A man in England who murdered his wife because he allegedly believed she was possessed by a genie has been sentenced to life in prison.

Mohammed Mumtaz was found guilty along with his parents and brother-in-law of killing 21-year-old Naila Mumtaz.

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According to a BBC News story, "Birmingham Crown Court heard Mrs. Mumtaz's in-laws thought she was possessed by evil spirits. The trial heard evidence that Mrs Mumtaz was killed during attempts to render her unconscious as family members attempted to drive out a harmful 'djinn' spirit." The trial judge, Justice Keith, said that "Naila was smothered the defendants believed that Naila had been possessed by a djinn, which had been sent from Pakistan by Naila's parents, and that they… smothered her in order to get rid of the djinn."

Mumtaz, who was six months pregnant, was found dead in July 2009; she had come to England a year earlier, moving from her native Pakistan as part of an arranged marriage. Mr. Mumtaz claimed that his wife's injuries were self-inflicted (i.e., she had strangled herself); the court rejected that defense, and sentenced other members of the family to between 13 and 15 years in prison.

While the idea of jinn (also spelled djinn or genie) possession seems bizarre to many people, it is actually common in many parts of the world, including Pakistan, where the family was from.

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Jinn are described in the Koran, the Muslim holy book, as creatures made by Allah of smokeless fire. There are parallels between Christian angels and Muslim jinn, and many Muslims believe in the literal existence of jinn, just as many Christians believe in the literal existence of angels. Both can and do interfere with the affairs of mankind (sometimes for good or ill), though in Christian theology it is typically demons — not angels — that possess humans.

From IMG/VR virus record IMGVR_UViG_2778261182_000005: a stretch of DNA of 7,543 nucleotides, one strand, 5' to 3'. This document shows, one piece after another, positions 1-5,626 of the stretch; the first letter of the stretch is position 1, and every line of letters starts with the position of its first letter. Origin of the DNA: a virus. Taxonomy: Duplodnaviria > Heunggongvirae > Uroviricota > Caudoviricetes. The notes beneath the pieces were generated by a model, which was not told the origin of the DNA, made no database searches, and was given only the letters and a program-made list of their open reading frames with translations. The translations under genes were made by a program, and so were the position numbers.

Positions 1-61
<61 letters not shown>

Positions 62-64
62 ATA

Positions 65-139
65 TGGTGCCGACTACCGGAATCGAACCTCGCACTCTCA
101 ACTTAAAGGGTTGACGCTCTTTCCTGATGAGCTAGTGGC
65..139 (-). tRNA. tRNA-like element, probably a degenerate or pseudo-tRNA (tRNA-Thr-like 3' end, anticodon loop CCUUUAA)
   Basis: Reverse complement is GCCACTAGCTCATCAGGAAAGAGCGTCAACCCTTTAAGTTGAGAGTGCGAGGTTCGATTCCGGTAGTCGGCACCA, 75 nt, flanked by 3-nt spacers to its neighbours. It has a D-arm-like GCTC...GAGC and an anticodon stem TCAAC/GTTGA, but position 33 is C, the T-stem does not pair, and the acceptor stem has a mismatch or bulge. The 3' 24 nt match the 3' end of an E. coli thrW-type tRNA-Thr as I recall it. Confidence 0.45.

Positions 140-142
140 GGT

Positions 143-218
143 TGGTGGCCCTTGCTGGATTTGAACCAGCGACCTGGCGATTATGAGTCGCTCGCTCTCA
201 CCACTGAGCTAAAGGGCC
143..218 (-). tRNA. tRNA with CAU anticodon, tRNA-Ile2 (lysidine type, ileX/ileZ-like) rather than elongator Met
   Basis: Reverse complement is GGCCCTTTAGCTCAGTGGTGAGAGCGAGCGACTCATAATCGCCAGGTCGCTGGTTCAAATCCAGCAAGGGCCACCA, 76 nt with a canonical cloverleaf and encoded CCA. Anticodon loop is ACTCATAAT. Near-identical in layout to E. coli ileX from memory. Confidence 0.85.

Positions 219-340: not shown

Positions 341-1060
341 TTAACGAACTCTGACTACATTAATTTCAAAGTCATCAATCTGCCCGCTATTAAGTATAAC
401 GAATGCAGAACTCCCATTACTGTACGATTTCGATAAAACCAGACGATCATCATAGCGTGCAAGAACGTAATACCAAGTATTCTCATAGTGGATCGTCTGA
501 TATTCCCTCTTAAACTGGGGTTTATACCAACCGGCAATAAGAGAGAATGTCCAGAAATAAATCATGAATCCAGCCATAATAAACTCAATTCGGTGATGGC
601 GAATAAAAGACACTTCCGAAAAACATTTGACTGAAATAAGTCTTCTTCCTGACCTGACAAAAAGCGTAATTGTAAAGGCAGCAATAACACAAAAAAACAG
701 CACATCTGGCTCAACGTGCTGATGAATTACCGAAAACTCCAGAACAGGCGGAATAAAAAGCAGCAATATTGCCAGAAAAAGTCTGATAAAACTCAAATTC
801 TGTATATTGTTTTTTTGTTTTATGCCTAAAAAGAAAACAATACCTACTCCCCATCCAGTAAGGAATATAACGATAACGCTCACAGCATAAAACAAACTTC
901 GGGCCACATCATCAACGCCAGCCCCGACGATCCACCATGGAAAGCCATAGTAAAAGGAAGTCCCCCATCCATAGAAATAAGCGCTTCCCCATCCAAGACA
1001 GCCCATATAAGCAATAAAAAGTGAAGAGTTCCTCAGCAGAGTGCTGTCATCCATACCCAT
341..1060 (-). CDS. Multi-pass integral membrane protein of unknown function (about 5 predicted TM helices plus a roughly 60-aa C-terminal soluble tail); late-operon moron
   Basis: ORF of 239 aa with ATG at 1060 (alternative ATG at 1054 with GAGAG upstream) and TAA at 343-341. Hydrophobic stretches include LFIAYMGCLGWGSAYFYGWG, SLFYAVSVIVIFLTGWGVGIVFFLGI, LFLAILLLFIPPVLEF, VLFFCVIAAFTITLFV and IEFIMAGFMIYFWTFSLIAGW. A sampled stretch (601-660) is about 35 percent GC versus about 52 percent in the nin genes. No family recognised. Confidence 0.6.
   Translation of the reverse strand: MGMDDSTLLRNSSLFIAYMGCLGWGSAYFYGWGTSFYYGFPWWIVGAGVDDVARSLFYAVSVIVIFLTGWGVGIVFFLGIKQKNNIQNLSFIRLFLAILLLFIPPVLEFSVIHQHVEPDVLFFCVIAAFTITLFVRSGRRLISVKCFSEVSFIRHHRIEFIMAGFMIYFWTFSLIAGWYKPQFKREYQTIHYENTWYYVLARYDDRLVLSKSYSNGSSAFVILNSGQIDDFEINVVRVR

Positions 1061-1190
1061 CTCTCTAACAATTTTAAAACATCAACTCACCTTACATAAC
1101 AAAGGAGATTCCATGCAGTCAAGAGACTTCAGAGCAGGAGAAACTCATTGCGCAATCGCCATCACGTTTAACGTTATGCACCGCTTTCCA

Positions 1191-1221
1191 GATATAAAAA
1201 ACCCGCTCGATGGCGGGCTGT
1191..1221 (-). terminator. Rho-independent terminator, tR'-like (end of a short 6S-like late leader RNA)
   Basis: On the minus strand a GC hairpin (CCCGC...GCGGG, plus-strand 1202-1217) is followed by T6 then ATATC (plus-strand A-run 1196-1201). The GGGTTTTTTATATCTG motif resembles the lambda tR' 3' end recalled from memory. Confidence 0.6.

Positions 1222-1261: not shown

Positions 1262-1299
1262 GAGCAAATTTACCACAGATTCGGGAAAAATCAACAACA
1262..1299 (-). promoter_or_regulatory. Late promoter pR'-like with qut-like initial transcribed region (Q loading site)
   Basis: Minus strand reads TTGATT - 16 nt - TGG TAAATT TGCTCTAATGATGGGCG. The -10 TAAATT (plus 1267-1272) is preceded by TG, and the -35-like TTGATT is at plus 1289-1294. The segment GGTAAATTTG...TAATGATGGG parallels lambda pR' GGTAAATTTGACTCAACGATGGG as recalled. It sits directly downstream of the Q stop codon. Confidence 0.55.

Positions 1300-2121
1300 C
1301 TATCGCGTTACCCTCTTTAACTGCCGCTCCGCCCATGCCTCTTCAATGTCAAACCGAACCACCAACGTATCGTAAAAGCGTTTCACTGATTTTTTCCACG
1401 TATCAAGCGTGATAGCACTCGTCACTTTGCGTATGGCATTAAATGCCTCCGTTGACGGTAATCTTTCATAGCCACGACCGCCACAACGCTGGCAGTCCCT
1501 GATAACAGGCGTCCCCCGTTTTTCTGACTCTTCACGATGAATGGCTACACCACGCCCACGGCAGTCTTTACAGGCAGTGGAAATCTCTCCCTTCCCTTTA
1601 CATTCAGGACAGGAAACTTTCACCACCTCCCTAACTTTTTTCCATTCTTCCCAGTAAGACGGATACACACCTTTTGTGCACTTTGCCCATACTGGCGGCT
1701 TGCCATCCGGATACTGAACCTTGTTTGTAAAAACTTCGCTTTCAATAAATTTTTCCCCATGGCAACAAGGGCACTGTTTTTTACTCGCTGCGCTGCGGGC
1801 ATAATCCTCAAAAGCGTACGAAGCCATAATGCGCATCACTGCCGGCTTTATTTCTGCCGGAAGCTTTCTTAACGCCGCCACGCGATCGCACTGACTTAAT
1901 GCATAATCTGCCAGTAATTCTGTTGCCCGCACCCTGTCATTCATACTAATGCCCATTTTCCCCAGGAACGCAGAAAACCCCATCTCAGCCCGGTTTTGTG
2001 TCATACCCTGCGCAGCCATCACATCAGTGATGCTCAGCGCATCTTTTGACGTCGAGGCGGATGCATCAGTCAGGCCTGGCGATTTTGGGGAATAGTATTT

In his book Legends of the "Fire Spirits: Jinn and Genies from Arabia to Zanzibar," scholar Robert Lebling writes, "In the Islamic world the belief is fairly widespread that jinn can possess humans, speak through them and direct their behavior. Like their demon analogues in Christianity, they can also be exorcised through rituals. ….Today, jinn possession is taken quite seriously in a number of Arab countries, including Saudi Arabia, where [revered Muslim scholar] Sheikh Abdul Aziz bin Baz… wrote about his own participation in numerous exorcism rituals."

As in Catholic exorcism rituals where Bible passages are read to the possessed person in order to drive the spirit from the human body, Islamic rituals often involve having sections of the Koran recited to the afflicted person. The symptoms of possession in both Christianity and Islam are similar, including fits and seizures; speaking unknown or strange languages; violence; and blasphemy.

The death of Naila Mumtaz reminded many Britons of the tragic death in 2010 of Kristy Bamu, a 15-year-old boy killed during a days-long exorcism in which his murderers (including his older sister) tried to drive demons from the boy's body. Both defendants and the victim were from the Democratic Republic of Congo, where belief in magic and demons is widespread.

Though there are no international databases that specifically track exorcism-related injuries and deaths, one web site, www.Whatstheharm.net, lists dozens of cases where people have been harmed by belief in demons and evil spirits.